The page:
We all have our own internal representation of the world. This is a mental model, which is also known as “deeply held images of thinking and acting.” It applies to perceptions of digital experiences.
“Because users now spend so much time online and interacting with digital products, they have expectations on how they should function,” Kirby said. An example of an expectation is that UX should be straightforward. “Deviating from these expectations could prevent users from successfully using your product.”
The brain gets tired from everything it’s doing, short-cutting and speeding through processes. If a design is too busy, the brain tries to parse out what’s most important. If it can’t, all the information can be interpreted neutrally. Many times that translates to forgettable. As a creative designer at Salesforce, Olivia Copsey keeps this top of mind.
“I once heard that our brains are made for having ideas, not storing them,” Copsey said. “Design that is the simplest — but that maintains character — will be the most impactful.”
Emotion can leave a lasting impression. While the amygdala and hippocampus also support memory function, “emotion does not always enhance memory.”
In her user research, Copsey has seen this prove out. “It just shows that we need to make design that creates a feeling,” she said.
With a mother who’s been in social work for over 20 years, Copsey has been drawn toward emotion since she was young. After initially going to college to major in psychology, she leaned toward art, communications, and graphic design. Her career has been at the intersection of them all.
6 min read
6 min read
Desirability describes how much people want to use a product. Usability can be incomplete without a sense of enjoyment. It’s something Scott Hodgman takes into account in his work as a customer success director at Salesforce.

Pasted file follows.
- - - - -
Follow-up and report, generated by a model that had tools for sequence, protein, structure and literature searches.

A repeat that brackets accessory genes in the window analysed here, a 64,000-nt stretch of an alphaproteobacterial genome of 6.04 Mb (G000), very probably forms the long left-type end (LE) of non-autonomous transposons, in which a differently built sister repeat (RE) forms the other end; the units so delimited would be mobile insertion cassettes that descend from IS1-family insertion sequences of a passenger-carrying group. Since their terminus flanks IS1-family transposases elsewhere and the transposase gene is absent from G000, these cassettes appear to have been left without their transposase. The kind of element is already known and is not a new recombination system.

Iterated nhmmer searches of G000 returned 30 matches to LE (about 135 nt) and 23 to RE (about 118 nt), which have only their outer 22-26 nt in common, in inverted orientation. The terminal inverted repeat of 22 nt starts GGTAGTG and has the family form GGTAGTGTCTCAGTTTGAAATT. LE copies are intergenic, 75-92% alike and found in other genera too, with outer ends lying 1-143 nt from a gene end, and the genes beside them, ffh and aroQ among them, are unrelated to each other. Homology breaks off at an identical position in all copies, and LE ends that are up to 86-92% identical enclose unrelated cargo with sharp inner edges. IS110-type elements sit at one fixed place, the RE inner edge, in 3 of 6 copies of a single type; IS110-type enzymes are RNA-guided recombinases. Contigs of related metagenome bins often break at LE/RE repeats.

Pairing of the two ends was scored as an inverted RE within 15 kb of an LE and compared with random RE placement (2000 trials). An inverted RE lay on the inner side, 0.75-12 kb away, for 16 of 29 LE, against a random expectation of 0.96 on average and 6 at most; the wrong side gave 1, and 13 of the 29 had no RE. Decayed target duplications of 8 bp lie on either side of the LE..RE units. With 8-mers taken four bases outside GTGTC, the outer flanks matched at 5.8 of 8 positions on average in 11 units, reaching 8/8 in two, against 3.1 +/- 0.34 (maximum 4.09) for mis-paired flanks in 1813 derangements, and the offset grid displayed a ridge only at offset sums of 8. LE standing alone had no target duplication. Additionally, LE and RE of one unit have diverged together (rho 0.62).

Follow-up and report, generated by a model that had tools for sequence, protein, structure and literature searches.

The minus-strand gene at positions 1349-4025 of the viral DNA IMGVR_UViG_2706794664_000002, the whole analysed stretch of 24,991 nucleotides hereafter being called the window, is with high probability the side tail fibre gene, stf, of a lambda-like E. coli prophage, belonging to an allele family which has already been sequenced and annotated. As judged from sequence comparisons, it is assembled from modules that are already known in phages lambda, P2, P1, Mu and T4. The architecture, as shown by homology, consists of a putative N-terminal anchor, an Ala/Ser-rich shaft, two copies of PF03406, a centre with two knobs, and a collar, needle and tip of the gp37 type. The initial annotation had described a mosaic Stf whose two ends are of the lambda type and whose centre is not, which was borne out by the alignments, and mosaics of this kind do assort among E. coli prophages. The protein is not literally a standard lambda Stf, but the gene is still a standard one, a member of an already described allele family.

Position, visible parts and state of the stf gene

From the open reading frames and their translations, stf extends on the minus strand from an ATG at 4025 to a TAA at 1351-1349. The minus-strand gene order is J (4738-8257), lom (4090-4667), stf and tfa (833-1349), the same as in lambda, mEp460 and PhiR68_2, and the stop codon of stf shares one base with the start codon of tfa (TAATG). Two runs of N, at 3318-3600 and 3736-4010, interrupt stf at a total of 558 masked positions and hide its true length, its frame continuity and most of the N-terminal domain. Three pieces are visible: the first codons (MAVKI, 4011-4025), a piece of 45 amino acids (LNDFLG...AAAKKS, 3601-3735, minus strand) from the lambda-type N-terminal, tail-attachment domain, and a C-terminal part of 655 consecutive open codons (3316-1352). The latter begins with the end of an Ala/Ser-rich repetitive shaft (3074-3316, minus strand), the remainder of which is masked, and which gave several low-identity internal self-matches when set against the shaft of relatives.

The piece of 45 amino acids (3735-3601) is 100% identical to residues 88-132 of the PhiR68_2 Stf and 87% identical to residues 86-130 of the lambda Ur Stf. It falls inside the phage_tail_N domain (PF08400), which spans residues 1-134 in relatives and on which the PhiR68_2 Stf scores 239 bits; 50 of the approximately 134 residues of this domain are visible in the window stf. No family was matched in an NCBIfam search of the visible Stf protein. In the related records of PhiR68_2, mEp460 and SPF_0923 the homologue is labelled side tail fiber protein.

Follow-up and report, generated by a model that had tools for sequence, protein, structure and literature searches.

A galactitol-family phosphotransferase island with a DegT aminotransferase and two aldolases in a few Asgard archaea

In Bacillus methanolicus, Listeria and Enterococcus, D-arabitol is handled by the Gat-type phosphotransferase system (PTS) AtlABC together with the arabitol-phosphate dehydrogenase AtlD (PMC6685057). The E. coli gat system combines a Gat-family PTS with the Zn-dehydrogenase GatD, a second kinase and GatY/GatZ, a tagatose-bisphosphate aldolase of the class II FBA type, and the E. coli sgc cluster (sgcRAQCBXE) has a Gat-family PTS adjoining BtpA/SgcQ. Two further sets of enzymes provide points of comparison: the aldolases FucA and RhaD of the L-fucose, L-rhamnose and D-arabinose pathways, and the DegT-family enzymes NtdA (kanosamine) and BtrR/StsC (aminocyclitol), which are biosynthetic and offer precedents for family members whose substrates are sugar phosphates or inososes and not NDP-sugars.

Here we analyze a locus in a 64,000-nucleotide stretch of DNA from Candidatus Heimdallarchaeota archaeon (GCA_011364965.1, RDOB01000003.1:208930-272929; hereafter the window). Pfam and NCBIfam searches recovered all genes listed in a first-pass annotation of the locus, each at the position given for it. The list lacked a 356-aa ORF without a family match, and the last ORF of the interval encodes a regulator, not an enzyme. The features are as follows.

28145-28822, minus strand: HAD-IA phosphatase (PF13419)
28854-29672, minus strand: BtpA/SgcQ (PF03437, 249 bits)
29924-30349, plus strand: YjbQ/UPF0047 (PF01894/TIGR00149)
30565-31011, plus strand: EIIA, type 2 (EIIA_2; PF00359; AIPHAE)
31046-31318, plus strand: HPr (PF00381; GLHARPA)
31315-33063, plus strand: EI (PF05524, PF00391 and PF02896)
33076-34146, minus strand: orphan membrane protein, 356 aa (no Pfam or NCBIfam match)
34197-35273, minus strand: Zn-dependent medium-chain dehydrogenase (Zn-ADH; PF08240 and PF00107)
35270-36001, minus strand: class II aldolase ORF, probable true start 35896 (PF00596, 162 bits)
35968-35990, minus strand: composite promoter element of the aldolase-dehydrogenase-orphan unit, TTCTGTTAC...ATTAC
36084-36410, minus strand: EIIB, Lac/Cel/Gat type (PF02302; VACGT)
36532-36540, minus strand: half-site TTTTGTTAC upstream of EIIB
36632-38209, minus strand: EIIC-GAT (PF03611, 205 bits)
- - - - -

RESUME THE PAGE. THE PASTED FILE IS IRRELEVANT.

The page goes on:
“I work a lot with attitudinal metrics, desirability, and usability,” Hodgman said. His background includes a master’s degree in the psychology of religion, especially underlying perceptions and cognitive dissonance. These themes of inner life and outer behavior are at the core of a more empathetic lens on humankind.
There’s usually more to a problem than meets the eye. It could have been forming for years through related and unrelated experiences. “Sentiment is a complex construct built up and fossilized over time,” Hodgman said.
“Concepts like perceptions, attitudes, and behaviors reinforce narratives about an experience or application.” Much of this may not be immediately apparent to others. It can live beneath the surface or not yet be in someone’s realm of awareness.
This might be because it’s difficult to articulate a problem. No matter the cause, active listening leads to better understanding. The ability to observe a situation before solutioning can guide a more relevant, useful, and delightful design. Empathy is at the heart of design thinking. So is the ability to connect the roots of a solution back to the key insights of the problem.